Building for Eternity

Every four years, in honor of the Olympic Games, tens of billions of dollars are expended and a virtual city is constructed – only to be abandoned a few weeks later. Thousands of years ago, our Jewish ancestors recognized what a waste of gelt this was (not to mention the excessive physical labor) and came up with a much more efficient plan: Why not build a portable, collapsible structure? Thus the Mishkan (Tabernacle) was born.

Of course, it was not pure economics that influenced their decision-making, but a direct command from God. Our parashah states, “These are the accounts of the Mishkan, the Mishkan…” (Exodus 38:21). The Torah repeats the word “Mishkan” in order to teach us that the Tabernacle’s sacred status remained the same whether it was assembled or disassembled. Thus, our Sages state that even when the Mishkan is in pieces, it still protects the Jewish people (Shemot Rabbah 31:9). The Jews would travel through the desert carrying with them the various pieces of the Mishkan to demonstrate to future generations that although the Mishkan may no longer be assembled, it still protects the Jewish people.

The Jews received the command to construct the Mishkan after the sin of the golden calf. It was then, in a state of abject lowliness, that Moshe was able to peer into us and reveal our intrinsic goodness. Only because of Moshe’s revelation were the Jews able to donate all kinds of precious stones and materials towards the construction of the Mishkan. These materials are a reflection of the multitude of good points in every single Jew, no matter how low he has sunk.

Just as the Jews traveled from place to place through a desolate and dangerous wilderness on their way to the Promised Land, so do each of us travel through life’s ups and downs on our way to our ultimate goal. And just as they had Moshe to reveal their true essence and good points so they could construct the Mishkan, we have the Tzaddikim, who reveal our good points and help us build the spiritual essence of the Tabernacle.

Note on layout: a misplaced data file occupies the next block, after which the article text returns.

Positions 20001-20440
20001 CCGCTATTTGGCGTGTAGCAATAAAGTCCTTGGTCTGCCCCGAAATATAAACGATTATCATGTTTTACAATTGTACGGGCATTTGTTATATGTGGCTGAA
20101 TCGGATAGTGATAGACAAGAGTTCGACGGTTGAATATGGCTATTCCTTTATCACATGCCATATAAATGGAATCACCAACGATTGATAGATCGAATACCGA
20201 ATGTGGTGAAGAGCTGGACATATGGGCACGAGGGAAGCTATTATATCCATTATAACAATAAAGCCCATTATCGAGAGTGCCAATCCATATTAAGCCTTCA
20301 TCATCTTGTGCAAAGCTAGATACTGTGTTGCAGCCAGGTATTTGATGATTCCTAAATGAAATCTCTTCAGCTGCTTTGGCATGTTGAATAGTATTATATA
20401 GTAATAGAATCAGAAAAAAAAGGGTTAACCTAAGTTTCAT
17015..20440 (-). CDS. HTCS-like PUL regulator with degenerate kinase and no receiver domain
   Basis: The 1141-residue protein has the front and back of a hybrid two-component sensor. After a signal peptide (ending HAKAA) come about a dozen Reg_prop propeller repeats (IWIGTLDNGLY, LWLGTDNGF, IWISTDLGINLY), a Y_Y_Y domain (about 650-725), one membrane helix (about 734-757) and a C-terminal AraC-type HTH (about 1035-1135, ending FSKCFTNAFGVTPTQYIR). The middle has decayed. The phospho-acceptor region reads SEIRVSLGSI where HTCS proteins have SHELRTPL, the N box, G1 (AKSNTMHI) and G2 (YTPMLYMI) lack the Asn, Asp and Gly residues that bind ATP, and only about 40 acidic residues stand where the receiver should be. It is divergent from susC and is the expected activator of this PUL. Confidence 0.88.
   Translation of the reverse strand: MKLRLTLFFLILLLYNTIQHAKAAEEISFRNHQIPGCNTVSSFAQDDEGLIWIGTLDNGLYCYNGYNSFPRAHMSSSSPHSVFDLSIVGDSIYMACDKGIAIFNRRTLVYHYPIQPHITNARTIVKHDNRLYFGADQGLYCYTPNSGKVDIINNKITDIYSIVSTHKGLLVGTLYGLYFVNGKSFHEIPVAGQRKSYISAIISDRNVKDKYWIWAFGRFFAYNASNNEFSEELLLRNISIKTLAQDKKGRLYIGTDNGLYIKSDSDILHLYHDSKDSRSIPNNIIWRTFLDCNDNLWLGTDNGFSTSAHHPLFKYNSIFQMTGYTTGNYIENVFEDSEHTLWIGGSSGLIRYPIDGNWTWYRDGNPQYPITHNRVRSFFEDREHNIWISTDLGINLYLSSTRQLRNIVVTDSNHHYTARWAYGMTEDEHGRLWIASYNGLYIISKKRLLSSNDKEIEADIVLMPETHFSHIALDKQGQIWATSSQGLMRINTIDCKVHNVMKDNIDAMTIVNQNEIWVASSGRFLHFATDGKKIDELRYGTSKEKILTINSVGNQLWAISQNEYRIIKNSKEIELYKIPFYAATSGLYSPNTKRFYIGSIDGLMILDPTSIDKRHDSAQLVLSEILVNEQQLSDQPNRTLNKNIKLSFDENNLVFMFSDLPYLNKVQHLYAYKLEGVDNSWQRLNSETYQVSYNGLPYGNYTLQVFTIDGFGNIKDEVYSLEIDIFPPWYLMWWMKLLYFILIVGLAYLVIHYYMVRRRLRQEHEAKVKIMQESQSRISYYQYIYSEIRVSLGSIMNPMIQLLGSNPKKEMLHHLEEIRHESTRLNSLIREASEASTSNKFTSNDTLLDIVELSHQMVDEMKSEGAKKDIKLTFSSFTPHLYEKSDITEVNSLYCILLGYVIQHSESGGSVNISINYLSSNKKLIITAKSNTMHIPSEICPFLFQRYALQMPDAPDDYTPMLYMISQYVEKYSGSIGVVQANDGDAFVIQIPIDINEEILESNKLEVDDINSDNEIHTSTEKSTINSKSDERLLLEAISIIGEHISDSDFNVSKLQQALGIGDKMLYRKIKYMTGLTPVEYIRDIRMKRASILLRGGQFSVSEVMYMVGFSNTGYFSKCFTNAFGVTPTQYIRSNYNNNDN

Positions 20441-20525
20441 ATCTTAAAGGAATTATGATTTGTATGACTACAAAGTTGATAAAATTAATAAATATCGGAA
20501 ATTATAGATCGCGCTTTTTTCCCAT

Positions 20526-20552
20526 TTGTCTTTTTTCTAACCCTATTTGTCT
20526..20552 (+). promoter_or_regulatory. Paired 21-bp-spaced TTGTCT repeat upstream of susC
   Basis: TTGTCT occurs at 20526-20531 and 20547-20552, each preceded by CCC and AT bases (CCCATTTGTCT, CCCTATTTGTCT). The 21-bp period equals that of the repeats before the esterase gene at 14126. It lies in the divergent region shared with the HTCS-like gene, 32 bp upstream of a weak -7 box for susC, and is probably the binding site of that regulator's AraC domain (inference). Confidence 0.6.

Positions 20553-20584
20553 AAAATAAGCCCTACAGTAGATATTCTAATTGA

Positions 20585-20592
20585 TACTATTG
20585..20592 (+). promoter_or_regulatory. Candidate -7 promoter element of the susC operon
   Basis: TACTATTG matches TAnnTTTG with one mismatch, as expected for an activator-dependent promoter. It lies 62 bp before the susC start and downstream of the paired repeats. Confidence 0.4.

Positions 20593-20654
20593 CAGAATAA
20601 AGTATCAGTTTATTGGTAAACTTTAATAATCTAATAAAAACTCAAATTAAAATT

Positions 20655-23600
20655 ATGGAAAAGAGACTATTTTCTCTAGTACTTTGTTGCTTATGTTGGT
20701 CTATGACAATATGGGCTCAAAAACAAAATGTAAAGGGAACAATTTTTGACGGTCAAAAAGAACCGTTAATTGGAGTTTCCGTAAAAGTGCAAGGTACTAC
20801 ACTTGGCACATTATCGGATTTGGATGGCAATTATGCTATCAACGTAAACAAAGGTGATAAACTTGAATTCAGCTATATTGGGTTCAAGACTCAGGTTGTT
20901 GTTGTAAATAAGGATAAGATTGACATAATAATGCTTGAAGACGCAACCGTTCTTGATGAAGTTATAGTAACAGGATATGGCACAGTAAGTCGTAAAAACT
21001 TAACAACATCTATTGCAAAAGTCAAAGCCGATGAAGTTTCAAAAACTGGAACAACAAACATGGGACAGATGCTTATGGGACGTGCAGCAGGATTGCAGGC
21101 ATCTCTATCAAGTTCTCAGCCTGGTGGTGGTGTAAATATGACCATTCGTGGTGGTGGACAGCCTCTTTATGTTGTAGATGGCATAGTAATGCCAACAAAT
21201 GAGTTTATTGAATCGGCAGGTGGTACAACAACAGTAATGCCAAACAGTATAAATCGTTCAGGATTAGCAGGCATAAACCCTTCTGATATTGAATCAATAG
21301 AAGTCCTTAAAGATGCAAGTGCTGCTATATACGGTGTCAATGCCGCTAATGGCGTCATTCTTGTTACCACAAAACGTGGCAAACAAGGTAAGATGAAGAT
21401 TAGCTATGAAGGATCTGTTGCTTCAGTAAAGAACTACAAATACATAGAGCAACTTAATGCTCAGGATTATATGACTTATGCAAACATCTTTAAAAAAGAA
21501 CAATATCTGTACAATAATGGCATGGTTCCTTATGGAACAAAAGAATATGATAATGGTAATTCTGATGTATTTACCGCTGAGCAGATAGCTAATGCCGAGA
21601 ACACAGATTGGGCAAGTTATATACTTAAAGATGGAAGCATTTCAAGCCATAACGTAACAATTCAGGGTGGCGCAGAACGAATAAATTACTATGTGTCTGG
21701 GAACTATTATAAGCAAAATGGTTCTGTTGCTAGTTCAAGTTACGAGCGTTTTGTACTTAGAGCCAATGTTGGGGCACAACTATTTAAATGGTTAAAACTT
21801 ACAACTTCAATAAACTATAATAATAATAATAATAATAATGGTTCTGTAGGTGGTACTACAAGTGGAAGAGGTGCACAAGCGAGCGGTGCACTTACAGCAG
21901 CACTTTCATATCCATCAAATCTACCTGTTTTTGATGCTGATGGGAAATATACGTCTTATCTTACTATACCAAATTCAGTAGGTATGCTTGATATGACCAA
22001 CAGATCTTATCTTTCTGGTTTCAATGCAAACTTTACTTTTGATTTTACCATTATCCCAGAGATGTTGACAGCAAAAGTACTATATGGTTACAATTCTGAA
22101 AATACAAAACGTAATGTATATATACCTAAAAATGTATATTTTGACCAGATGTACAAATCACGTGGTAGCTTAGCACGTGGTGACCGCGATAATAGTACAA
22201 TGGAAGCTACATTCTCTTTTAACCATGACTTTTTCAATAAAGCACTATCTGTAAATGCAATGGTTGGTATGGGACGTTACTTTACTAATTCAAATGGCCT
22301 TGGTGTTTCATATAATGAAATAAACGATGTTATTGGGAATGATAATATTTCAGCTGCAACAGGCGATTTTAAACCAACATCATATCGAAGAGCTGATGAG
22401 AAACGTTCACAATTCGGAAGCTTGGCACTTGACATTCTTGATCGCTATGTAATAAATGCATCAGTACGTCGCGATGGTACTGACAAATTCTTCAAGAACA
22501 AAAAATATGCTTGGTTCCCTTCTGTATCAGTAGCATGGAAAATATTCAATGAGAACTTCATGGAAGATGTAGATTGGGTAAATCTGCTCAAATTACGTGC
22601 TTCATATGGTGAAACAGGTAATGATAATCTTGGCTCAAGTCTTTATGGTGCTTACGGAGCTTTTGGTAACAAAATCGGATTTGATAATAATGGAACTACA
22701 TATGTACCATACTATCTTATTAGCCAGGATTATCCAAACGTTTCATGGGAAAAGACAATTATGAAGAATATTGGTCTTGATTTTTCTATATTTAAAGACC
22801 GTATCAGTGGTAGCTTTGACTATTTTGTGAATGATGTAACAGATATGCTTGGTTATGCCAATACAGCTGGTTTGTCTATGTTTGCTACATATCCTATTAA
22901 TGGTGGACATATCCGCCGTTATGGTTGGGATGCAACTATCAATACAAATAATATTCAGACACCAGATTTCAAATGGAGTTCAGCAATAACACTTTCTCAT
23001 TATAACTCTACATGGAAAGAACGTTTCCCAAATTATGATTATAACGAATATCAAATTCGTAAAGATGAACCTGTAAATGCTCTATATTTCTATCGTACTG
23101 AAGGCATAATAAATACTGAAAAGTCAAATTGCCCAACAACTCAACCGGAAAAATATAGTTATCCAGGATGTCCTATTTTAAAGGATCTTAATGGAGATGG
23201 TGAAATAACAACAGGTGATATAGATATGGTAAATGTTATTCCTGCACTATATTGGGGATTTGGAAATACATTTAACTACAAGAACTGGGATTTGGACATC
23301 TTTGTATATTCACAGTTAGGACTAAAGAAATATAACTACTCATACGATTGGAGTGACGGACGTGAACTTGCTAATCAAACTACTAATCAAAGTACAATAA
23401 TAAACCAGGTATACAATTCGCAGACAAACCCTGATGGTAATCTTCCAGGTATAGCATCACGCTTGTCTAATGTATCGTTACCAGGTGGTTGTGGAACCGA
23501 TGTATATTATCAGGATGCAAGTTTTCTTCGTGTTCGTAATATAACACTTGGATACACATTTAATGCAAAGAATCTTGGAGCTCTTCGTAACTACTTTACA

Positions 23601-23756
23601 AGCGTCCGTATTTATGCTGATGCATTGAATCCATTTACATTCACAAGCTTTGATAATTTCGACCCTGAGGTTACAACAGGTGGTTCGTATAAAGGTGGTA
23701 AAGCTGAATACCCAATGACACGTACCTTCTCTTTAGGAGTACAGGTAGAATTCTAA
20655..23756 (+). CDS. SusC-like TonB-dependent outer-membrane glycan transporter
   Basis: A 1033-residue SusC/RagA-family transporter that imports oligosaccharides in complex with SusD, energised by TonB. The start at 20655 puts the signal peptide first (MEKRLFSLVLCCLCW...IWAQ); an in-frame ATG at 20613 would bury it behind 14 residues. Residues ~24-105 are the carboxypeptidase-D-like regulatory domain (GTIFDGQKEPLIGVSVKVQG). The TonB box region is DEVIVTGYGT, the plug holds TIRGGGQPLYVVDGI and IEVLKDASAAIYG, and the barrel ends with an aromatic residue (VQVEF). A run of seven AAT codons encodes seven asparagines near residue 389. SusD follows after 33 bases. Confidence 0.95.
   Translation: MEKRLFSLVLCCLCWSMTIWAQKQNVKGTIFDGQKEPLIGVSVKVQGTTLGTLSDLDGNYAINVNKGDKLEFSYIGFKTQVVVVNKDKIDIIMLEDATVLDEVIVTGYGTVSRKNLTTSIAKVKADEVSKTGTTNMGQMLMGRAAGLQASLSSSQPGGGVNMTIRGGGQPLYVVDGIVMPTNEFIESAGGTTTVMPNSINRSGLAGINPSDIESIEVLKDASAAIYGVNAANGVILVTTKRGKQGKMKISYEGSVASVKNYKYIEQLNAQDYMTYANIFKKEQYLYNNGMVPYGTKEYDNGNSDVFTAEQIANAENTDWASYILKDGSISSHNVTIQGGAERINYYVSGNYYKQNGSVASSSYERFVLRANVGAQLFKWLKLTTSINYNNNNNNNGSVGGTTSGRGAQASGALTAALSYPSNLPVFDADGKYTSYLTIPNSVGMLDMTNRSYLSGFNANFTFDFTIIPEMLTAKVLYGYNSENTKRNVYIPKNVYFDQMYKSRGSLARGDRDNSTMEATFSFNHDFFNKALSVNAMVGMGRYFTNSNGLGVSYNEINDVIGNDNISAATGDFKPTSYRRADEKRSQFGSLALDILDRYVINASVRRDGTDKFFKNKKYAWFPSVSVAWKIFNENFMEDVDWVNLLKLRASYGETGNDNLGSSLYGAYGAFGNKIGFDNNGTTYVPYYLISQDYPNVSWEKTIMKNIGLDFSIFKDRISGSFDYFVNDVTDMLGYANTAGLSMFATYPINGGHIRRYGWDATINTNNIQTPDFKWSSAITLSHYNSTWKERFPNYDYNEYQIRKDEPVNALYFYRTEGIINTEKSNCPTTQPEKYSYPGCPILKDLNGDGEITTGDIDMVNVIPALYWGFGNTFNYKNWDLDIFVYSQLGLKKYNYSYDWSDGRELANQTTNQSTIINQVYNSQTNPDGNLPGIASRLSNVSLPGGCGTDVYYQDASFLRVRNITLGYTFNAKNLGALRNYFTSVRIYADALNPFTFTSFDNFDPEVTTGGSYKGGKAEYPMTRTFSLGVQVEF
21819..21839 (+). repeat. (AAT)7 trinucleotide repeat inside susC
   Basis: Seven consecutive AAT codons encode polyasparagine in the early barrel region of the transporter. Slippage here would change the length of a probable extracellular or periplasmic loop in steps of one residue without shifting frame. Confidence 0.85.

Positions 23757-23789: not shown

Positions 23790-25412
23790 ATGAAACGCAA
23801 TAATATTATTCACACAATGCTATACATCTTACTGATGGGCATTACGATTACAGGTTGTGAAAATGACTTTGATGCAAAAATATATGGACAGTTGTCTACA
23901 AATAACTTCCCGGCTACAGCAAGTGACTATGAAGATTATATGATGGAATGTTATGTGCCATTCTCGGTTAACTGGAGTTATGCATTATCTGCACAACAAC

Someone once asked Reb Noson, “Who is greater? One who performs great devotions, or one who behaves more simply yet follows the Tzaddik?” Reb Noson replied, “Look at the building of the Mishkan. No matter what the person contributed, if he did not bring it to Moses first, it had no value or place in the Tabernacle. Yet if the simplest Jew made the most insignificant item and brought it to Moses, it was assured its place in the Tabernacle!” (Aveneha Barzel #62).

No matter where we go or what we go through, we are always able to connect ourselves directly to God with the help of the Tzaddikim. Living according to their counsel and with faith in their abilities allows us to transform even a spiritual desert into a virtual Sanctuary. For the Tzaddik reveals our true good nature and spiritual capacity. And even if all we can contribute is a small act of goodness or a seemingly “simple” mitzvah, this, too, the Tzaddik will include in the construction of the spiritual Mishkan and the resultant manifestation of God’s Presence in the world and in our individual lives.

Based on Likutey Moharan I, 292 & Likutey Halachot 1, p. 260

Author: Yossi Katz

Yossi Katz currently lives in Lakewood, NJ where he runs the BRI American Office. He studied in Beth Medrash Gevoha, as well as the former Breslov Kollel of Lakewood headed by Rabbi Shlomo Goldman.

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